When it comes to paying for school, you’re not alone. Grants, work-study, and low-interest loans help make college affordable. Financial aid is available from a variety of sources for college, career school, graduate school, and professional school.
Financial aid is money to help pay for college or career school. Aid can come from: the U.S. federal government, the state where you live, the college you attend, or a nonprofit or private organization.
One of the best places to start is with U.S. Department of Education. ED offers three kinds of grants:
- Discretionary grants: awarded using a competitive process.
- Student loans or grants: to help students attend college.
- Formula grants: uses formulas determined by Congress and has no application process.
Federal Pell Grant
Unlike a loan, a Pell Grant does not have to be repaid. Federal Pell Grants usually are awarded only to undergraduate students who have not earned a bachelor’s or a professional degree. (FPG)
State Grant Agency
Provides information on grants, scholarships, and other financial aid for college students from the state, including federally-supported state programs such as Byrd Scholarships and LEAP (Leveraging Educational Assistance Partnership) grants. (SGA)
Free Scholarship Tool
The U.S. Department of Labor’s Free Scholarship Tool lets you search more than 7,000 scholarships, fellowships, loans, and other financial aid opportunities. (USDLFST)
Educational Opportunity Grant
A grant for undergraduate students with exceptional financial need. To get an FSEOG, you must fill out the Free Application for Federal Student Aid (FAFSA®) so your college can determine how much financial need you have. Students who will receive Federal Pell Grants and have the most financial need will receive FSEOGs first. The FSEOG does not need to be repaid. (FSEOG)
can help you pay for college if you plan to become a teacher in a high-need field in a low-income area. The TEACH Grant Program provides grants of up to $4,000 a year to students who are completing or plan to complete course work needed to begin a career in teaching.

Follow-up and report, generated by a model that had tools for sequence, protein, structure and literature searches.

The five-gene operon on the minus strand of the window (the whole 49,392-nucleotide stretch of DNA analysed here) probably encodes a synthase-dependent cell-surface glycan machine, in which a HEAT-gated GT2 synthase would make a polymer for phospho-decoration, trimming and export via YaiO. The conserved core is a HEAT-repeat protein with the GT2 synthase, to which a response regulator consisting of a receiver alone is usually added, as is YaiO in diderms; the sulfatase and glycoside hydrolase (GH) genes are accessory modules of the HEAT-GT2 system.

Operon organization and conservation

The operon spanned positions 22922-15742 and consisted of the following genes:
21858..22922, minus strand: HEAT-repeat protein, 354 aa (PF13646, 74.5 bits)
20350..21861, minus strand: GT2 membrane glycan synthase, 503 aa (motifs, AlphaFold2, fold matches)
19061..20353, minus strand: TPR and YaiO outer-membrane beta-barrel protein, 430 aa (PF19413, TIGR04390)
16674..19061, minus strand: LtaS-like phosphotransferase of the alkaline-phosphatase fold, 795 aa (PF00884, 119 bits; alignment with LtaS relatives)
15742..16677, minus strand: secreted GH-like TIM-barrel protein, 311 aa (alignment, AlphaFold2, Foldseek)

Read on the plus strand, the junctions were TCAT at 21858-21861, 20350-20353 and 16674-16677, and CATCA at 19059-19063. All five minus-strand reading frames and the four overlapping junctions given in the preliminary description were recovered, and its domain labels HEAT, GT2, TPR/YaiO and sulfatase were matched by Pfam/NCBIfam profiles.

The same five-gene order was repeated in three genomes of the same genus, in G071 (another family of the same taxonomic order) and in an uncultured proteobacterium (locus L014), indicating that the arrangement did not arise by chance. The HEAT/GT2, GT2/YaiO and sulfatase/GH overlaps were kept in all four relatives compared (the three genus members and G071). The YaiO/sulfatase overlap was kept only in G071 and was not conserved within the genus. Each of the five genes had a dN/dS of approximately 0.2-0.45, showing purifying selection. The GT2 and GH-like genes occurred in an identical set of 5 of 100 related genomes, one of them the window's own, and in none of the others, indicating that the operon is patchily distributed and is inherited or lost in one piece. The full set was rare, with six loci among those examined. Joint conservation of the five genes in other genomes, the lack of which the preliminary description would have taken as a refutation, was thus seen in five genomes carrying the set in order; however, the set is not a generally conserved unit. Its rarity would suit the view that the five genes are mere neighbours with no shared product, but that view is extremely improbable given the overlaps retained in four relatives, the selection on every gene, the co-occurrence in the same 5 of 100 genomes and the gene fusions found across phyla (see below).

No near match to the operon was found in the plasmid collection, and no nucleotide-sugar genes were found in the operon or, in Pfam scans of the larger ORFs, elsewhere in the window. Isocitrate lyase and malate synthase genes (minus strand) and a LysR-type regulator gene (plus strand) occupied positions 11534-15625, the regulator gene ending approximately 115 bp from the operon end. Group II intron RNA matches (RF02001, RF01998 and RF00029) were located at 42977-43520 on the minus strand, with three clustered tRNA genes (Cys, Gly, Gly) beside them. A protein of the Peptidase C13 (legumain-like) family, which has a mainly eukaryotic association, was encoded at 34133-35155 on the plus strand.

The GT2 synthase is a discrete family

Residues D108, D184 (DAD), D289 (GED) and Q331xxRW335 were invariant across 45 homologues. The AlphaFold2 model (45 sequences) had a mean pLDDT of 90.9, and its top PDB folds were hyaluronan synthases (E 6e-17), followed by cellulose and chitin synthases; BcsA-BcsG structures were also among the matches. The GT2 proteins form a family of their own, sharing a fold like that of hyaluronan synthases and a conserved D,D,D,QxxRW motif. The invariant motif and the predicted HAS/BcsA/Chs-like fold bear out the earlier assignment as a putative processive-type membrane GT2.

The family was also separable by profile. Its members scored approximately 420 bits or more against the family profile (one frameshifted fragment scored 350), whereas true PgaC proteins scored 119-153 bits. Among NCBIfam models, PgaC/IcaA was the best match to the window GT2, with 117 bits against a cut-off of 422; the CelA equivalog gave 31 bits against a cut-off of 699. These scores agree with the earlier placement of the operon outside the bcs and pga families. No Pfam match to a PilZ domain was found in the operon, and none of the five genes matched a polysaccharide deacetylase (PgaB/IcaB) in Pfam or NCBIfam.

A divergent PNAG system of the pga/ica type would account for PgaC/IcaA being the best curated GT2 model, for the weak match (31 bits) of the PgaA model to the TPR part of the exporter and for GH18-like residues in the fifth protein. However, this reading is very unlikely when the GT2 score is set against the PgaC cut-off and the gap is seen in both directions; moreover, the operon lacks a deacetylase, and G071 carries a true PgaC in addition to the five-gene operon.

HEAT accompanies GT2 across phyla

ENERGY & UTILITIES
The Low Income Home Energy Assistance Program helps keep families safe and healthy through initiatives that assist families with energy costs. The program provides federally funded assistance in managing costs associated with:
- Home energy bills
- Energy Crises
- Weatherization and energy-related minor home repairs
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FHA’s Energy Efficient Mortgage program helps homebuyers or homeowners save money on utility bills by enabling them to finance the cost of adding energy efficiency features to new or existing housing as part of their FHA insured home purchase or refinancing mortgage. (FEM)
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The Office of Energy Efficiency and Renewable Energy PowerSaver loans provide three financing options—including mortgage refinancing—for homeowners to make home energy efficiency and renewable energy upgrades or improvements. Low-interest loans and reduced loan fees can provide cost-effective results, especially when working with local partners and utilities that sometimes offer large rebates. (EERE)
Heating Assistance Provided ($ in Million)
Cooling Assistance Provided ($ in Million)
Weatherizing Assistiance Provided ($ in Million)
FOOD & NUTRITION
Here are some links to help you put food on the table:
Nutrition.gov provides easy access to vetted food and nutrition information from across the federal government. It serves as a gateway to reliable information on nutrition, healthy eating, physical activity, and food safety for consumers.)
Supplemental Nutrition Assistance Program
To apply for SNAP benefits, you must fill out an application and return it to a local SNAP office. Each State has a different application. This helpful map of the states will assist in finding the location of local SNAP offices. (SNAP)
The Emergency Food Assistance Program
A Federal program that helps supplement the diets of low-income Americans, including elderly people, by providing them with emergency food and nutrition assistance at no cost. It provides food and administrative funds to States to supplement the diets of these groups. (TEFAP)
The Commodity Supplemental Food Program
Serves about 595,000 low-income people each month and is the only USDA nutrition program that provides monthly food assistance specially targeted at low-income seniors. (CSFP)